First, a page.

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OSCAR WILDE

THE BRITISH AND THE AMERICANS HAVE EVERYTHING IN COMMON, EXCEPT, OF COURSE, THE LANGUAGE

Textul de mai jos reprezint mrturisirile unei americance care viziteaz Anglia i ntmpin unele dificulti de ordin lingvistic, prezentate de Oscar Wilde ntr-un celebru paradox: The British and the Americans have everything in common, except, of course, the language .

THEY SPEAK ENGLISH TOO

Thanks heavens we wont have to worry about making ourselves understood on this trip, you think as you board an English liner, bound for Liverpool! No need for interpreters or a 700 page dictionary again. But scarcely six hours pass before your high spirits begin to sink as you notice that you and your English fellowpassengers do not speak the same language after all. At dinner, the very first night, your eyes note the word maize on the menu. Maize, you mutter, maize, a color appearing on the menu? A friendly Englishman next to you explains helpfully, Maize is what you Americans call Indian Corn. Oh, corn, you smile understandingly. No, not just <corn> - but <Indian corn>, he patiently explains. Corn, to us, refers to wheat, rye, or barley. You laugh weakly, daring no further remarks until you reach dessert. This you find does not mean the whole last course, but includes fruits only and is served after the course referred to as the sweets. In the sweets course are listed all the puddings, pastries and cakes you have always called dessert. At breakfast, the biscuits turn out to be merely our crackers; yet should you ask for crackers the waiter would be horrified, for crackers to him mean only fire crackers (most indigestible food, youll agree). Shortly after landing you start out from your hotel to visit the places of interest. If you should go to see friends, you should not say visit, for in England that word is applied to a much longer stay at least overnight. A shorter stay is merely a call. Yet, inconsistent as it may seem, you leave your visiting card for the hostess who was not at home when you called. But to return to your sightseeing trip. You soon find yourself applying to the bobby (policeman in America) for information or directions. If your destination is within walking distance, hell probably say: First turning (never block) right, or Second turning left. If its a greater distance away, hell suggest a tram (our trolley or streetcar) or the underground or tube (never subway). You wont be in London many days before you find your vocabulary changing. You no longer mail letters by dropping them into a mail box, you post them by dropping into one of the red pillar-boxes that stand on the corners of the streets; you never stand in a line to buy anything, you stand in a queue; and you no longer reckon your weight in pounds, but in stones. An Englishman does not say he weighs 162 pounds, he says I weigh 11 stone 8.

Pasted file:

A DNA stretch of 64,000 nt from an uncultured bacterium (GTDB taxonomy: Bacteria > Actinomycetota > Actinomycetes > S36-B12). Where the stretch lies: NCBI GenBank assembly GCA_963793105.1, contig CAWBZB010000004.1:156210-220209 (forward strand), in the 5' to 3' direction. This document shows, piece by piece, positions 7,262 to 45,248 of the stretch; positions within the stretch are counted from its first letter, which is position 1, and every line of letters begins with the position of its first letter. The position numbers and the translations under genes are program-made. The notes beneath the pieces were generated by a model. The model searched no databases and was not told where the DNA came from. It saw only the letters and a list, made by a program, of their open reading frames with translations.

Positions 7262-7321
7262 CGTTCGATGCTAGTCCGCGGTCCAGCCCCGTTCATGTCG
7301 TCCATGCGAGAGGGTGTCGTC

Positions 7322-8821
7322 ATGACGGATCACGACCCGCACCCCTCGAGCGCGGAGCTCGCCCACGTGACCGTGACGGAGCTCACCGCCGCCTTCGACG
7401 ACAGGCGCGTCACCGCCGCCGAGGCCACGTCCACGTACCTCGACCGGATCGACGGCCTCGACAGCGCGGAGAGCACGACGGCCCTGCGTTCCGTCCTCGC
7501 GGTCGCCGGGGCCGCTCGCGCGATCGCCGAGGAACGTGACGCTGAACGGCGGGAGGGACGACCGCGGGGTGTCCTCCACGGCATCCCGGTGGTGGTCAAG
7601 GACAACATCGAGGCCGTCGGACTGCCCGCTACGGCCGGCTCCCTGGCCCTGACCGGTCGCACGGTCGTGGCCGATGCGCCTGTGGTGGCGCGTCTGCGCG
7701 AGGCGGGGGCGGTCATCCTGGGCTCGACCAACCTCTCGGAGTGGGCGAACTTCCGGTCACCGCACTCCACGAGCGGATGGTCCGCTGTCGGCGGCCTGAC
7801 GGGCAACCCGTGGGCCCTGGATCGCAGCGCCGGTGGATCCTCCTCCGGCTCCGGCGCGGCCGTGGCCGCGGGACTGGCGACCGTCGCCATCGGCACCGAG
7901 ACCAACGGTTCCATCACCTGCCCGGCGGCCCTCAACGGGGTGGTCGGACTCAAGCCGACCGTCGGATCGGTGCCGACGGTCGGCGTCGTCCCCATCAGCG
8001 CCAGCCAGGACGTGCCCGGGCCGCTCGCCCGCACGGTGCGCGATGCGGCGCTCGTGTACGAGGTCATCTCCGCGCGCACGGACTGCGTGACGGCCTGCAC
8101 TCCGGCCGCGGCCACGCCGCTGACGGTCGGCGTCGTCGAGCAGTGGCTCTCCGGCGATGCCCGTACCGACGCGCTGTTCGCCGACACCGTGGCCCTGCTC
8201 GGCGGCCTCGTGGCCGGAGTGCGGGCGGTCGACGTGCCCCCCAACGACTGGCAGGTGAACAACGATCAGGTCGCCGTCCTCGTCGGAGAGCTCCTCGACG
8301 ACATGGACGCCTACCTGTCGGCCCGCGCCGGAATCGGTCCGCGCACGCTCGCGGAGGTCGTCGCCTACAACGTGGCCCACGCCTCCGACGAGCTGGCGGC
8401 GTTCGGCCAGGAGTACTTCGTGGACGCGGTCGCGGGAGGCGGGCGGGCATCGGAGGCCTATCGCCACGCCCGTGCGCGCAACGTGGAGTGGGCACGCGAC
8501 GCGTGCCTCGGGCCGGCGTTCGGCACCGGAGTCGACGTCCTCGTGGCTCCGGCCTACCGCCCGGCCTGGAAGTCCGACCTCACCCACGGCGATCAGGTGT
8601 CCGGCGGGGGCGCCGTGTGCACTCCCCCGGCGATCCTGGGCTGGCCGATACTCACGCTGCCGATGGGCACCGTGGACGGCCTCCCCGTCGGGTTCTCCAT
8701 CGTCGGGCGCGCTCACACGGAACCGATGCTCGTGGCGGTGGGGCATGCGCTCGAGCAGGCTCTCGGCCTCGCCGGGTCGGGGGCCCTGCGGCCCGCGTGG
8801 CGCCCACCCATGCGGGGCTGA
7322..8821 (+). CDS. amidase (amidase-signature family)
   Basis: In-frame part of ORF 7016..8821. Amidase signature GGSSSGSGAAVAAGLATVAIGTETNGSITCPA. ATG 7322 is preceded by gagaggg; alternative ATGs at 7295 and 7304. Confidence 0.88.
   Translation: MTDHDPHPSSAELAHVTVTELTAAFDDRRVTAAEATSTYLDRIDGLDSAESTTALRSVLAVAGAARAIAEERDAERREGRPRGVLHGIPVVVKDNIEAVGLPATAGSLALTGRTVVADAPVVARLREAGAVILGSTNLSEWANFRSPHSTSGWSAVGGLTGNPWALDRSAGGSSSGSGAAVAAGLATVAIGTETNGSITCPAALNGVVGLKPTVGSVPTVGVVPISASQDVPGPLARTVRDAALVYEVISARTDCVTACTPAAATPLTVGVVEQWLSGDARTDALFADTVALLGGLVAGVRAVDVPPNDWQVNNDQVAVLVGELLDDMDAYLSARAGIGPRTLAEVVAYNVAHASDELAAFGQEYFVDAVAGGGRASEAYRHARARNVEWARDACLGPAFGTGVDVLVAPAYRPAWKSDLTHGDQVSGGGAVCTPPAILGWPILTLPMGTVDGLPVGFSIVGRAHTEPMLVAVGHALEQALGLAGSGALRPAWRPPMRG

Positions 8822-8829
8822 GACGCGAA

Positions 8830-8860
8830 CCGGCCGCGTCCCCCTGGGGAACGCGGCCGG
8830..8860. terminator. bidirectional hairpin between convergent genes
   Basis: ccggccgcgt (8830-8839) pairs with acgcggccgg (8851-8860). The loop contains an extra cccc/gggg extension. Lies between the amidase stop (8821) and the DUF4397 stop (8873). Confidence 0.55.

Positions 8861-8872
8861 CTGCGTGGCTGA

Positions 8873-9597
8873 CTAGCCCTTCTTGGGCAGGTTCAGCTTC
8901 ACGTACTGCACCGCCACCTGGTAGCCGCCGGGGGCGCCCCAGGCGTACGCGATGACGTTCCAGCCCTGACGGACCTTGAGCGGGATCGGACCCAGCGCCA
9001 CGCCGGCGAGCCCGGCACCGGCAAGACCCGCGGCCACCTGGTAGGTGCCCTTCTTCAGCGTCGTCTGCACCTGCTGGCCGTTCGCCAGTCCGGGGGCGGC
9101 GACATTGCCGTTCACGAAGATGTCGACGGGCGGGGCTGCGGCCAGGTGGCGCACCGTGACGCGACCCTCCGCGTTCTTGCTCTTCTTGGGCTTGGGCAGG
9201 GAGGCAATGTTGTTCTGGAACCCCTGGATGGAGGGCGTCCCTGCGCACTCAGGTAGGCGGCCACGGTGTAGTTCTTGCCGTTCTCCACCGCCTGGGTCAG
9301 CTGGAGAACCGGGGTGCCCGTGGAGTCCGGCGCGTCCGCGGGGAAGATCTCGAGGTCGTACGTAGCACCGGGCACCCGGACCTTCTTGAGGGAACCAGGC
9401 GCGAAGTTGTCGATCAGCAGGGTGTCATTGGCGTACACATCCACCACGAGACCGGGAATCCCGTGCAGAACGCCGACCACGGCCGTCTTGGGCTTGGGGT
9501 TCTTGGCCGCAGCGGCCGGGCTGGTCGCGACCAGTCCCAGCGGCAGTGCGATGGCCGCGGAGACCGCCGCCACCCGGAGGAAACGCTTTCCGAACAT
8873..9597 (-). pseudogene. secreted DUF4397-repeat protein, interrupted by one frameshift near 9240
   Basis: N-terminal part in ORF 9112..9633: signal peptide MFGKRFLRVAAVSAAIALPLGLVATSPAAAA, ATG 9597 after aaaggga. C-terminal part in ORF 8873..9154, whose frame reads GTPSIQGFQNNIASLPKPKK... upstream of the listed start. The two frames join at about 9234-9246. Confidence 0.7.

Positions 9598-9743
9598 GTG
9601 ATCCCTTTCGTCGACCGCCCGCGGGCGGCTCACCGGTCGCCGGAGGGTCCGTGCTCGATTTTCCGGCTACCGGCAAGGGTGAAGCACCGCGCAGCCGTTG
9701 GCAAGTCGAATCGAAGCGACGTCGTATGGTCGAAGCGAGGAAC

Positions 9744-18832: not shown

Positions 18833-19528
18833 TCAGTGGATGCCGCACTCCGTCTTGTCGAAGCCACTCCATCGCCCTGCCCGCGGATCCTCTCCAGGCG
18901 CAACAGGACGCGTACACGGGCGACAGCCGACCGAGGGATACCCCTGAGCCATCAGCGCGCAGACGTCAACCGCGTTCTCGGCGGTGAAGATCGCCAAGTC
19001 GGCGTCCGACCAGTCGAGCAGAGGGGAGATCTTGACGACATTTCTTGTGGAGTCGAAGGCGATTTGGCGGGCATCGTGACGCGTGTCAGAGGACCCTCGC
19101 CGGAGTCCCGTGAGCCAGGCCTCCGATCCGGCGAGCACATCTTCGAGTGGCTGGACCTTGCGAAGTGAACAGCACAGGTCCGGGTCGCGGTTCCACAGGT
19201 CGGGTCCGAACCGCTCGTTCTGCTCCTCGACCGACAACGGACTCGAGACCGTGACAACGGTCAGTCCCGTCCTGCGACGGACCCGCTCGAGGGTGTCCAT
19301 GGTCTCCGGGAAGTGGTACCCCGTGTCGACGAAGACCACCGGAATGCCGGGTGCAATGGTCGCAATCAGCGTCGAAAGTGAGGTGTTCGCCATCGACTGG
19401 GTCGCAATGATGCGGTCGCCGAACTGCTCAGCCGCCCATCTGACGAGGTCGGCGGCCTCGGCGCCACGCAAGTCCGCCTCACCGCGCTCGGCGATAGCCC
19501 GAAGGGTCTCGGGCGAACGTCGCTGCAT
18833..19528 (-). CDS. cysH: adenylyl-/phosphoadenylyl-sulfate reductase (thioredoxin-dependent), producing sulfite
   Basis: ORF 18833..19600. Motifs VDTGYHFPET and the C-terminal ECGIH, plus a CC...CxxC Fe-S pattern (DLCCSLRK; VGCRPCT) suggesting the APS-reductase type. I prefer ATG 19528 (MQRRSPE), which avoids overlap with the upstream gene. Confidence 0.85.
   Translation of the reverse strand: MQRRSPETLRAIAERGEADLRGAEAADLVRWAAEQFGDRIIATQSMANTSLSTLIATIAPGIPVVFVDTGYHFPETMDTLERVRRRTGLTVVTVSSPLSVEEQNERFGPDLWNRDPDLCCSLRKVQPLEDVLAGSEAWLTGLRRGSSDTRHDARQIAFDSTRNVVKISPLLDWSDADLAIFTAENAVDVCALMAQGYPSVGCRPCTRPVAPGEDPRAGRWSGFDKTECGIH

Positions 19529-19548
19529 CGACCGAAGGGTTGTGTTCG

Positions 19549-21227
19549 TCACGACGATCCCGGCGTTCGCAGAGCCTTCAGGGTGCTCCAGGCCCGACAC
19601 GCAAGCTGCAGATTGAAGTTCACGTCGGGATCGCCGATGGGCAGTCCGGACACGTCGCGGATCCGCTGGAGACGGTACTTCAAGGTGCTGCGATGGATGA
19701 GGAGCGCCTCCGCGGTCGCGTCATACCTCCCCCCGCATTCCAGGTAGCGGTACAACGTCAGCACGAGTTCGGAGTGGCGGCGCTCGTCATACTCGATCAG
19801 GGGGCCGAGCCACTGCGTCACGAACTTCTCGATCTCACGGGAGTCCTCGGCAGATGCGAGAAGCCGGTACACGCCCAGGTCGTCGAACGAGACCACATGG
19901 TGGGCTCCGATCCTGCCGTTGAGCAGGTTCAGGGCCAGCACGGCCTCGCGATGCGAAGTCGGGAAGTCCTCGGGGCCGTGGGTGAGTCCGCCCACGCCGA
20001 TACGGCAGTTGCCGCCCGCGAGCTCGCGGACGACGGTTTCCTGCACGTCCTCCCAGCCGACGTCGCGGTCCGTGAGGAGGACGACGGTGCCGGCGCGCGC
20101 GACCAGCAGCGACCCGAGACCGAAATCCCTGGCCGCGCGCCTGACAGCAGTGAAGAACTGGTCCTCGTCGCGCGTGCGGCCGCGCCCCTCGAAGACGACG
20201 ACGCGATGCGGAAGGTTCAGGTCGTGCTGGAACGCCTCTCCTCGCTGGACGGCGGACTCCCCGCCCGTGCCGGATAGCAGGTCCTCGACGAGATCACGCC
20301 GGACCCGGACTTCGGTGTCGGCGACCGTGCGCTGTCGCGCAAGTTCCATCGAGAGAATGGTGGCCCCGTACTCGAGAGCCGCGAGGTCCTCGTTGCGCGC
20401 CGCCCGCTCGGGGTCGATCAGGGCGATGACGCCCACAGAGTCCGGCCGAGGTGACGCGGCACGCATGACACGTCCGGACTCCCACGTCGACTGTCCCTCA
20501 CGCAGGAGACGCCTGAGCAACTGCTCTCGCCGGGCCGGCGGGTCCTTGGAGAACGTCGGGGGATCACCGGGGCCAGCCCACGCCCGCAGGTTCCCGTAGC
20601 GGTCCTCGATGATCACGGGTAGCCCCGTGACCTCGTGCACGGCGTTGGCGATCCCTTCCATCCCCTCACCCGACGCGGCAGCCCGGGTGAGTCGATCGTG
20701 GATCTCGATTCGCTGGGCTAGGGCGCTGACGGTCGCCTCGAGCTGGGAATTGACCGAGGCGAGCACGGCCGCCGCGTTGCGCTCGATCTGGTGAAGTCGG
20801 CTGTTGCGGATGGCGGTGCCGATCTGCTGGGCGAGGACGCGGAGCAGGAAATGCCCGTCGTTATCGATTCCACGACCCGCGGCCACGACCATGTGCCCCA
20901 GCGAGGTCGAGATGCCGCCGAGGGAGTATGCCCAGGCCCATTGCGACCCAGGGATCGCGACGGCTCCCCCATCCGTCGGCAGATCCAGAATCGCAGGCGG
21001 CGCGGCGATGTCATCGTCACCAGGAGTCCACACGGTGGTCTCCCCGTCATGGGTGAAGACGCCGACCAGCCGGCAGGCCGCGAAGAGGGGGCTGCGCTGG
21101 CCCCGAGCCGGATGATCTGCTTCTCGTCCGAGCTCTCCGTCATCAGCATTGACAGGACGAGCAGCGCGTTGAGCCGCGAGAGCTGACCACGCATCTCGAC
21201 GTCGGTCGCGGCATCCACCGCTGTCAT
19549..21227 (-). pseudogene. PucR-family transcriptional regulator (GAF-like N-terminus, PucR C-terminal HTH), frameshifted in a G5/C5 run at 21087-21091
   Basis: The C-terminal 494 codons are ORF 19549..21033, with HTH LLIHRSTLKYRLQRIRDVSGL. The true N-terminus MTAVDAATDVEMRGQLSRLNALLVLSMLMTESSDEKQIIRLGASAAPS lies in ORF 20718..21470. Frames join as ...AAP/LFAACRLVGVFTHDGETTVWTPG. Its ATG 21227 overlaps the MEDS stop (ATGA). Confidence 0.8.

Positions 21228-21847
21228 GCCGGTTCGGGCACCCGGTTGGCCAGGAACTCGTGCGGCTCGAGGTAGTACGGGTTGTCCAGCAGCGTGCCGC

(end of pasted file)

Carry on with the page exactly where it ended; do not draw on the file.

Your first shopping experiences are rather annoying. Department stores in England are called general or multiple shops. In fact you dont go to a store to buy things, you go to a shop. The salesman is called a shop-assistant, never a clerk. This word is applied to book-keepers and office workers, and rhymes with park. In search for a tie for your brother, you ask for the haberdashery department. Then having followed directions carefully, you stop short in surprise. Whats this?, you ask. To the right and left of you are buttons, pins, thread, in fact all the items known in America as notions! So now that you have learned that English haberdashery departments are American notion counters, you begin to wonder whether a dictionary to English shopping would not save you much inconvenience and irritation. Our dry good stores become drapers shops, drug stores are chemists shops, a womans tailor-made suit is called a costume, rubbers are galoshes and galoshes are overshoes. Exhausted from the shopping, you stop for tea at the nearest tea shop. You sink into a chair and order pie and tea with a pitcher of cream. The waitress looks at you in astonishment, then timidly asks, Beg pardon, madam, but are you sure thats what you really want? Realizing that again you have made a mistake, you patiently explain, and to your surprise discover that pie refers only to meat pies in other words, a main dish, never, never served at tea, while tea itself is served with a jug of milk or cream. There are no pitchers in England, only jugs (for water, cream, or milk) which serve the same purpose. While you wait for your tea, you pick your copy of the London Observer. There is an article about the strike of some employees of the black coat class for fortnight holidays with pay. After carefully reading every word of it, you gather that the white collar class wants two weeks vacation with pay.